Nightstream Review: Ema

In no particular order: intoxicating, boring, horny, punk rock, hilarious, horrifying, bewildering. 

Those are all of the adjectives that passed through my brain during the viewing of this delicious puzzle of a film.

Intoxicating: A visually stunning piece of filmmaking with a perfectly paced score weaving everything together.

Boring: I mean, I think? At times, I felt like I was bored but not in the “eh, I’m going to pick up my phone and see what’s on Twitter” sense. More like, you’re the witness of a car crash and you can’t leave because you’re on your fifth hour of waiting for the police to take your report. The car is just there burning with bodies inside in the middle of the highway but it’s been five hours, so it isn’t anything new anymore but you still can’t look away.

Horny: This is a very horny movie.

Punk Rock: Sure, when Ema is bored she goes out into the city with a flamethrower and just sets things on fire. That might seem punk rock, but really it’s the way she manipulates the relationships around her. She’s like if Lex Luthor was a nonmonogamist sex positive anarchist.

Hilarious: I can’t explain this without spoiling the movie.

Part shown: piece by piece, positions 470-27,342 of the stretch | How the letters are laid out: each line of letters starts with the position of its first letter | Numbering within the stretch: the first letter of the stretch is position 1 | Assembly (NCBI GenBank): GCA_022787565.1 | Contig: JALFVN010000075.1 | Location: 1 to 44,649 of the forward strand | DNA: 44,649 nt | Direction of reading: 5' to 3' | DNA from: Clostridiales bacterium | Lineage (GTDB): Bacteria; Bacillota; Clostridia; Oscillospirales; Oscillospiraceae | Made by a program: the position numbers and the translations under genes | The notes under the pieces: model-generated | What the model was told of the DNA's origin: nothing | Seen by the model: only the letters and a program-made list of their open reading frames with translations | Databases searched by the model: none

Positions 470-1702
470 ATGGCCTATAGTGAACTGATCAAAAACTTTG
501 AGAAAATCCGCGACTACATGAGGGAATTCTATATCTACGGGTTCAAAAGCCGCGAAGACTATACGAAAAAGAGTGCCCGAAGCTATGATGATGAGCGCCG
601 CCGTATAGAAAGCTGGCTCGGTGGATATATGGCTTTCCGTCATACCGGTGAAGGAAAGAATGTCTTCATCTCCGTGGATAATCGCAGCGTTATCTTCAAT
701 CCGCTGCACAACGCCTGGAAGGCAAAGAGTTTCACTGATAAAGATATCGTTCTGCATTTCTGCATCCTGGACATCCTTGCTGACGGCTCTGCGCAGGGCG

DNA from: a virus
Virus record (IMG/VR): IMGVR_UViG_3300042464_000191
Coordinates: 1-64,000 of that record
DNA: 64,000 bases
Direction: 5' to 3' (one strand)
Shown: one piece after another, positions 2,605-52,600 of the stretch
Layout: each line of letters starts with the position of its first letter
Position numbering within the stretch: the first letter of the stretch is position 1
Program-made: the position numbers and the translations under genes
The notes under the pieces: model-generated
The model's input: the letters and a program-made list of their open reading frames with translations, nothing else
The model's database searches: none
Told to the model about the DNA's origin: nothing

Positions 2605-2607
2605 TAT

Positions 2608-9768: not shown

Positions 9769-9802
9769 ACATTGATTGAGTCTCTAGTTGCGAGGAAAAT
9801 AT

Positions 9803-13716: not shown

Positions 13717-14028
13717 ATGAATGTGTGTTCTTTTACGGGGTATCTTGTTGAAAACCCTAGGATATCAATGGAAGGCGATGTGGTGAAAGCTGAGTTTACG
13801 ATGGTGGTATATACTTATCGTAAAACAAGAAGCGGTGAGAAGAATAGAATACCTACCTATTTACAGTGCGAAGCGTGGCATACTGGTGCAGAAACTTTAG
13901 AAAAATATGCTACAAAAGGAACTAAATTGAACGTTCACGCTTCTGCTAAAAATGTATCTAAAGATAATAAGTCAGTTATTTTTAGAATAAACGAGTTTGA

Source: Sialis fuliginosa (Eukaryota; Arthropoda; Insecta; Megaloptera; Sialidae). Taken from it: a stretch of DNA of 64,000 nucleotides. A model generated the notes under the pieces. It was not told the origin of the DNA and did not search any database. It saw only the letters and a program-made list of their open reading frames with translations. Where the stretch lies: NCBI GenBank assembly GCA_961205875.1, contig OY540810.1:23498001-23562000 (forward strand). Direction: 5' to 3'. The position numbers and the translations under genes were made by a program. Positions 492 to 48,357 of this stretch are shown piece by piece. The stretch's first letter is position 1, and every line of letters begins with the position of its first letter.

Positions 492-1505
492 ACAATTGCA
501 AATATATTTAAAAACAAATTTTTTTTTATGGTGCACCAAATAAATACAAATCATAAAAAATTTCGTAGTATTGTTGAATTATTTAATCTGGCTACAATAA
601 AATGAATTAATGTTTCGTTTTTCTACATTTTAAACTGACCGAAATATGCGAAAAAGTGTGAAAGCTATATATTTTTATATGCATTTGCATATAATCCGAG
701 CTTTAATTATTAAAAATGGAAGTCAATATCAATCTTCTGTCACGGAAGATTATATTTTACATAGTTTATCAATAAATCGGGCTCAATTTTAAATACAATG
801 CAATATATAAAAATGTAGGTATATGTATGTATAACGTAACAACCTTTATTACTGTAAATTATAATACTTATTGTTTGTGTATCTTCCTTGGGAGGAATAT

Horrifying: At one point Ema tells Anibel “When you know what I’m doing, and why. You will be horrified.” It is for both Anibel and the audience. How can anyone be this way?

Bewildering: The film starts by saying it only wants you to marvel in its beauty while watching a heady modern dance routine. It seems to say “the cinematography is oh so pretty, who cares about plot. This is the movie.” But at some point, you won’t even know when it happens, the film closes the distance and pushes you up against the wall. You’re involved. It is intimate. You’re questioning the societal definition of motherhood and parenting. You have an opinion on reggaeton versus modern dance. 

You wonder if you should feel bad for laughing when that one moment arrives. 

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